But often, anti-virus tools are simply installed and forgotten about. Imagine having a swab that tested positive for COVID-19, but instead of quarantining the person who had it, we looked at the swab and went “well, thank God the swab removed all the virus, now you can go about your day!”

This is the second point that many organisations struggle with. Most organisations don’t have a dedicated team to look after their systems, so that if something is detected, someone can jump on it right away. Or if they do, often it’s part of a general IT contract without dedicated cyber security experts, and without the right tools to quickly investigate alerts.


I don’t think I need to harp on about how woefully underfunded our DHBs are. I mean, you know they can’t pay doctors and nurses enough, and they can’t replace crumbling buildings or fill buildings with enough equipment, so you don’t really expect them to have well-funded IT and cyber security departments, do you?


It’s not uncommon for organisations to not be able to fund IT to the levels that they need or would like. The good news is that security isn’t just about putting in shiny new expensive things; instead of trying to defend a large complex IT system, it’s much easier (and cheaper) to defend a simple IT system, and some of the best security initiatives are actually about taking things away, especially old and difficult to manage things.

But this is where NZ healthcare really struggles. Health providers have some of the oldest, clunkiest IT systems I’ve ever seen, and what’s worse, they’re all interconnected. Trying to improve things even slightly is a mammoth task that can span years of concentrated effort. But trying to change the culture and expectations of organisations with thousands of people takes effort and influence over senior leaders; IT crowds are often seen as a cost, so it’s often difficult to get traction.

Where to from here?

Astute readers will have noticed I haven’t written about the other side of this equation; about the criminal scumbags who are carrying out these attacks, or the foreign governments who are shielding them from facing charges, or the cryptocurrency markets which have made it easier for them to cash out. I haven’t, because these are areas outside our control. New Zealand is not going to be able to take down Bitcoin, or be able to extradite criminals from Russia. Let’s instead focus on what we can control and influence.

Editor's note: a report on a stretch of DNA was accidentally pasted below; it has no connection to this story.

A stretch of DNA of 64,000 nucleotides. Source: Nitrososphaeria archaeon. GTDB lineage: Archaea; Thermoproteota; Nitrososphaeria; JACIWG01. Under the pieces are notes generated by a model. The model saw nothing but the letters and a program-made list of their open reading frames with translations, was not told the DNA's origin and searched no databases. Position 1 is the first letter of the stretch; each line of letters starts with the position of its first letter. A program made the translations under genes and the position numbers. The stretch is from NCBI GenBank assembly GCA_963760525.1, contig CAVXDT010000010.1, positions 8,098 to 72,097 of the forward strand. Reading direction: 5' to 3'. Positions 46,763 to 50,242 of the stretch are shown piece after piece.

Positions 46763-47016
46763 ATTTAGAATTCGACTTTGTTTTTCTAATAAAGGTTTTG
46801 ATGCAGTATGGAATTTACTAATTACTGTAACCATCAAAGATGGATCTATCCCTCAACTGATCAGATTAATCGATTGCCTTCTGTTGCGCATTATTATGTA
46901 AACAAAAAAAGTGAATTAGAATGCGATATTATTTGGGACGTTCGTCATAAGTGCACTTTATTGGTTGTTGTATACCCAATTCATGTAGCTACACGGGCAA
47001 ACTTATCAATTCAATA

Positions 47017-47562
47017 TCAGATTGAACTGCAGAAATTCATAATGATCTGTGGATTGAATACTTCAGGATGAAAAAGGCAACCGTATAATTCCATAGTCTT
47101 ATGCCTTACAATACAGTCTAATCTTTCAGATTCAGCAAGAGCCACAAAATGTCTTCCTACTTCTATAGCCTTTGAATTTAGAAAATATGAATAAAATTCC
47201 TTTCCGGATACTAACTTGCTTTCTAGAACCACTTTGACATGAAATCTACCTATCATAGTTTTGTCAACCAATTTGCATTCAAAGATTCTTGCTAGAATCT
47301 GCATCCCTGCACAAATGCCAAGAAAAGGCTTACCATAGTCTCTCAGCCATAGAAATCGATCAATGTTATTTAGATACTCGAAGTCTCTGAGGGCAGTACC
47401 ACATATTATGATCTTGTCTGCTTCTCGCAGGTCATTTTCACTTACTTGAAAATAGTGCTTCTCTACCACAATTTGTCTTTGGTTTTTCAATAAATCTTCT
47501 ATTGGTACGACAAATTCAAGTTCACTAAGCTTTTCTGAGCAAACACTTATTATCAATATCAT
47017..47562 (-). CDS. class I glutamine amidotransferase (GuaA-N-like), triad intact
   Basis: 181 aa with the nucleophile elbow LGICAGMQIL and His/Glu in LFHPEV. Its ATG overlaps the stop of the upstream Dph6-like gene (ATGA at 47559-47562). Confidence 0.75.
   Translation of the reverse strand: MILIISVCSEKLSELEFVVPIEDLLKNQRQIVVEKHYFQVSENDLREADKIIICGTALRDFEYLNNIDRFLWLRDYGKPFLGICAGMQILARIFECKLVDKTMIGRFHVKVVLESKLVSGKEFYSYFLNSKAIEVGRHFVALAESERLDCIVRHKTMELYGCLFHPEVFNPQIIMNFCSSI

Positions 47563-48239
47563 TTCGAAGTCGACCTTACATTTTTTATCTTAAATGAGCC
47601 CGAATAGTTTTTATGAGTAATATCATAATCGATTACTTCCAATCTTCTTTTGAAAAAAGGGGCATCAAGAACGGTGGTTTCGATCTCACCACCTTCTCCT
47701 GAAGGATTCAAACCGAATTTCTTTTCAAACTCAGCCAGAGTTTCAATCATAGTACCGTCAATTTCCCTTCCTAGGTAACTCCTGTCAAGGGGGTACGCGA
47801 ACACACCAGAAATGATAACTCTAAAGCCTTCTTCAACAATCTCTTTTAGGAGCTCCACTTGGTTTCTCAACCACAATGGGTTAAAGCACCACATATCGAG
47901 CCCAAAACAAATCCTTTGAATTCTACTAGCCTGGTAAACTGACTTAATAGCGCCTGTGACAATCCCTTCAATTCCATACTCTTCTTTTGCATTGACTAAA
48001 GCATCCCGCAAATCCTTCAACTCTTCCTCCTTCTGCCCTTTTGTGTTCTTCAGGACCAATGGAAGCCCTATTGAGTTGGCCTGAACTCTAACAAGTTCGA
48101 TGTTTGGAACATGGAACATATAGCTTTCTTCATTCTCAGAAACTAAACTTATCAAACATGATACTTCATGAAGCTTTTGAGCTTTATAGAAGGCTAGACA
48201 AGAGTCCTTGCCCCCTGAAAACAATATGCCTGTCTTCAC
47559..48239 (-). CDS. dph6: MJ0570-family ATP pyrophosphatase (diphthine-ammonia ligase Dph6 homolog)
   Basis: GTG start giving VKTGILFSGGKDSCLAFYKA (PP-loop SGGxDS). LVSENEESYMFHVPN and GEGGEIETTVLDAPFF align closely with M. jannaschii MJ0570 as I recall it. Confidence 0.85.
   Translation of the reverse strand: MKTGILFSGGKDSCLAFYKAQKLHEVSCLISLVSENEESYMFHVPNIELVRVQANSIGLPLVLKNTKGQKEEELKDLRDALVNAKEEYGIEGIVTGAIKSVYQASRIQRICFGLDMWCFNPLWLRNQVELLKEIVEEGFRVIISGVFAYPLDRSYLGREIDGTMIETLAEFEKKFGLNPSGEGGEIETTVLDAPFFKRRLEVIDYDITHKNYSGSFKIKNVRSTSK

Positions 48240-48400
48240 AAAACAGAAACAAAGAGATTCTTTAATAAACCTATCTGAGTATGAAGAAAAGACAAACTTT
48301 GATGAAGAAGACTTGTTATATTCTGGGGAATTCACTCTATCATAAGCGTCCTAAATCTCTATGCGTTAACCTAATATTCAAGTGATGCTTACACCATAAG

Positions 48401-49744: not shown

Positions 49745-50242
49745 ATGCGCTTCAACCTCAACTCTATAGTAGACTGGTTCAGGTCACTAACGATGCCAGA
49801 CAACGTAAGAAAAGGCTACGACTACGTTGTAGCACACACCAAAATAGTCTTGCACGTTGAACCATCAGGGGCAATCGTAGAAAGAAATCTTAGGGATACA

I think one of the most positive steps this government has done is to announce the removal of the DHB model, with a single Health NZ organisation to provide service up and down the country. It provides an opportunity to reset; to redesign the entire healthcare system, and ensure that cyber security is considered from day 1.

Of course, there’s a risk. If Health NZ isn’t funded adequately, if Health NZ doesn’t have access to good cyber security expertise, and especially if Health NZ isn’t given a chance to start from a clean slate, we will be in a worse position; where even fewer security professionals have even more work to do, under an even bigger, more complex, and more and difficult to manage DHB.

So once the restoration is complete, what the government and Waikato DHB announce is vitally important. But it’s also important for you to think about how you can help. Across IT, but especially in cyber security, we have a massive skills shortage in NZ. Every day I see the same high-paying jobs being advertised and not filled, which only makes it harder for the health sector to have good people.

It’s not all roses, but it is a worthwhile career, where I genuinely feel I’m making a difference. And what’s awesome is that the best people I know didn’t start as IT nerds; the best people in this industry are people who are curious, can think laterally, and have good attention to detail. If you can come up with new ideas, that’s even better. Because, after 21 years of dispensing the same bad advice, clearly it can’t get any worse.